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    SBIRT at Whitman

    December, 2018

    SBIRT in Seattle Public Schools Information for Parents/Guardians

    What is SBIRT and Check Yourself?

    Screening, Brief Intervention, and Referral to Treatment (SBIRT) is used to identify, reduce, and prevent substance use and promote mental health. The Seattle Public Schools SBIRT program is grant funded by King County’s Best Starts for Kids initiative which invests in strategies that promote healthier, more resilient children, youth, families, and communities. SBIRT has three main components.

    • Screening: Students take an interactive, friendly screening that provides instant personalized feedback
      about health behaviors. The secure, web-based survey can be done on any electronic device.
    • Brief Intervention: If screening shows a need, short conversations with an SPS staff follow that focus on the student’s strengths and abilities.
    • Referral To services: If a student needs additional support, SPS staff may refer students/families to unique services based on their need.

    The Check Yourself screener, developed by the University of Washington’s Seattle Children’s Hospital, is an engaging, research-based tool that students may take as part of the SBIRT program. King County youth and parents were involved in the development of this tool, and their feedback was essential in compiling a screener that is comprehensive, culturally responsive, and youth-friendly. The goal of the tool is to help spark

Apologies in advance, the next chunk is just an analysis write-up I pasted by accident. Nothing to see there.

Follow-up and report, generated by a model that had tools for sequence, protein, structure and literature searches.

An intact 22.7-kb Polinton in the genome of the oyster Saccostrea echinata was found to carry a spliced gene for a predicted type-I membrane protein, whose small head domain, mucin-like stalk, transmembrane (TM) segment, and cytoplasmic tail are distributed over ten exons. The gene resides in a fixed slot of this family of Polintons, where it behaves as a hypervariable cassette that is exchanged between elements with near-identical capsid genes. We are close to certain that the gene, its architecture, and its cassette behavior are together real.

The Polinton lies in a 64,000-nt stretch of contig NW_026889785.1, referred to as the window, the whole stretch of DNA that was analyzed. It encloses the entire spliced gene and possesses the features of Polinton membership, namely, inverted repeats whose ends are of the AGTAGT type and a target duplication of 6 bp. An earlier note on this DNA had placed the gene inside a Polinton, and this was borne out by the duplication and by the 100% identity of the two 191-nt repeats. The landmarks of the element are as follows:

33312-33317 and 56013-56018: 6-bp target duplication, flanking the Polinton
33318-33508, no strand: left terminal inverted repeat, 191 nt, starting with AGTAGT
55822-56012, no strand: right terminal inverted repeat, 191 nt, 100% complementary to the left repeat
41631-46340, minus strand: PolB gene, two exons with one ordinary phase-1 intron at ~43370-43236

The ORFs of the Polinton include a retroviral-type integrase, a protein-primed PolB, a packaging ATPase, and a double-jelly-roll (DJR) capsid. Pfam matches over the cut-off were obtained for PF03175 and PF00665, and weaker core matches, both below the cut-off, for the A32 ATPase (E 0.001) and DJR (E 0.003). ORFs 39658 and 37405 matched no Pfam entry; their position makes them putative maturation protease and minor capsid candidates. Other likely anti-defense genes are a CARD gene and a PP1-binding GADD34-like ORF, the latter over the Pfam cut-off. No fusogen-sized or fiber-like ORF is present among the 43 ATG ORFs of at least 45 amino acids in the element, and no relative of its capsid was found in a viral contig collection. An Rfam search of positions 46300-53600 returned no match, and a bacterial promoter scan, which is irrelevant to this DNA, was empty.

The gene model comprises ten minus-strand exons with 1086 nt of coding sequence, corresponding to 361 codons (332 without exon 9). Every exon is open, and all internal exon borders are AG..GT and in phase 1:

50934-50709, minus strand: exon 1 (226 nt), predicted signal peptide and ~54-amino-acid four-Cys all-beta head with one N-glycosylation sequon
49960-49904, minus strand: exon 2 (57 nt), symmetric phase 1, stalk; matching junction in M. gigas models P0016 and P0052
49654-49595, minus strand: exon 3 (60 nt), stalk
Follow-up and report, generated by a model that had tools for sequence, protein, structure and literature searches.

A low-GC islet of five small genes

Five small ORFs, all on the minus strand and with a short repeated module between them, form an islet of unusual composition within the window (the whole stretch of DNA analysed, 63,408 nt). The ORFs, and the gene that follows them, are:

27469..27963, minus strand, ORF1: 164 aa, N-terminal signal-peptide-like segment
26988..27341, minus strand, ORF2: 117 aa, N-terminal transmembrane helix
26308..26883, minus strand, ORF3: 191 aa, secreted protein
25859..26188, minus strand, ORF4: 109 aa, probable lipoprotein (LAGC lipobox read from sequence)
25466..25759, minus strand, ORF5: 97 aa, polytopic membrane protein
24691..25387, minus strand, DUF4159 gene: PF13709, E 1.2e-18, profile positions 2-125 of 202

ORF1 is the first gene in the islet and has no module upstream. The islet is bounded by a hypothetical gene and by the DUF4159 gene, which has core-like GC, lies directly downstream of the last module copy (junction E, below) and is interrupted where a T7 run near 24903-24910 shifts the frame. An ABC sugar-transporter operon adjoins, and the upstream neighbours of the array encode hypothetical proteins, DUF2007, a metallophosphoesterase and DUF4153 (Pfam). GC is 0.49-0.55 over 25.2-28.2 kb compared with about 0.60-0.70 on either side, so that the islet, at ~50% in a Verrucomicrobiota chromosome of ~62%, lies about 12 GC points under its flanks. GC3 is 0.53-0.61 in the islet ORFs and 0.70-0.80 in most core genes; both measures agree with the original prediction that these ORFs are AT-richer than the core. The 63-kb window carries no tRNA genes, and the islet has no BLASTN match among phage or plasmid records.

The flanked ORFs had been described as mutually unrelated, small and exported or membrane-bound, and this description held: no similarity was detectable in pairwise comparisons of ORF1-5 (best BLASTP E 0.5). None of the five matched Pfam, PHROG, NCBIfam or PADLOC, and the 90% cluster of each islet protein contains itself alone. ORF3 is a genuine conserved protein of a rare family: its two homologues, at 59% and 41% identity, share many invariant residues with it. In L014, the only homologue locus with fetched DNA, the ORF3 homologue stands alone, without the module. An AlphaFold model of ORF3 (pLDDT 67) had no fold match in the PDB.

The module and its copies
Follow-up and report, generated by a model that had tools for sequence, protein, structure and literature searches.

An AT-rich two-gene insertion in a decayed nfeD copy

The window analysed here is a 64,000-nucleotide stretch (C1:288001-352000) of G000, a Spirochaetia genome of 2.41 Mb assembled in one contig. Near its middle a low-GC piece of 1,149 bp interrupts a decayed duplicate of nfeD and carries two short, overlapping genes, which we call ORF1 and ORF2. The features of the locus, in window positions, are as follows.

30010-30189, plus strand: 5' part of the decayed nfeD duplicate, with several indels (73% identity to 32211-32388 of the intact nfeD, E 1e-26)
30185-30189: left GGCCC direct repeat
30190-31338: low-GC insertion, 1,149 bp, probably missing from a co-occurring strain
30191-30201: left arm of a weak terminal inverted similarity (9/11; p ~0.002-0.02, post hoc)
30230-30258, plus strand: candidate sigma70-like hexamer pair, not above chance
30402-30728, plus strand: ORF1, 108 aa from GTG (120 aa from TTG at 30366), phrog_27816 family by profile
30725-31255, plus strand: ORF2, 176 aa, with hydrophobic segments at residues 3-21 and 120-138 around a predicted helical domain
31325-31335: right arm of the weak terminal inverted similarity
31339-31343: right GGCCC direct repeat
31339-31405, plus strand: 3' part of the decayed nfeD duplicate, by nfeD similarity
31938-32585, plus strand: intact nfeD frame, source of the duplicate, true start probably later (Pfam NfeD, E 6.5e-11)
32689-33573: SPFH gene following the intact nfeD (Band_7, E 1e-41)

conversations between students and their school support team that motivate students to make healthy choices. This model has been proven successful in supporting individuals in primary care settings, school-based health clinics, and emergency departments.

    Which Seattle schools are involved in the project?

    Seattle Public Schools received funding from King County to implement the SBIRT program at Jane Addams Middle School, Madison Middle School, and Whitman Middle School. These three schools are collaborating, with support from SPS’ Prevention and Intervention Program, to pilot the SBIRT program this school year and with full implementation the following two school years. Community agencies in Seattle also received funding
    to independently continue their SBIRT implementation at Eckstein Middle School, Hamilton Middle School, Meany Middle School, and the Seattle World School.

    Is the Check Yourself screener optional?

    Yes! The Check Yourself screener, along with all other components of SBIRT, are voluntary. SPS staff introduce SBIRT and the Check Yourself screener to identified students, explain the nature and reason for the screening, and ask them if they are willing to participate. If the student chooses to do so, the SPS staff then loads up the screening tool for their use. The first question on the screener also asks students to indicate their consent for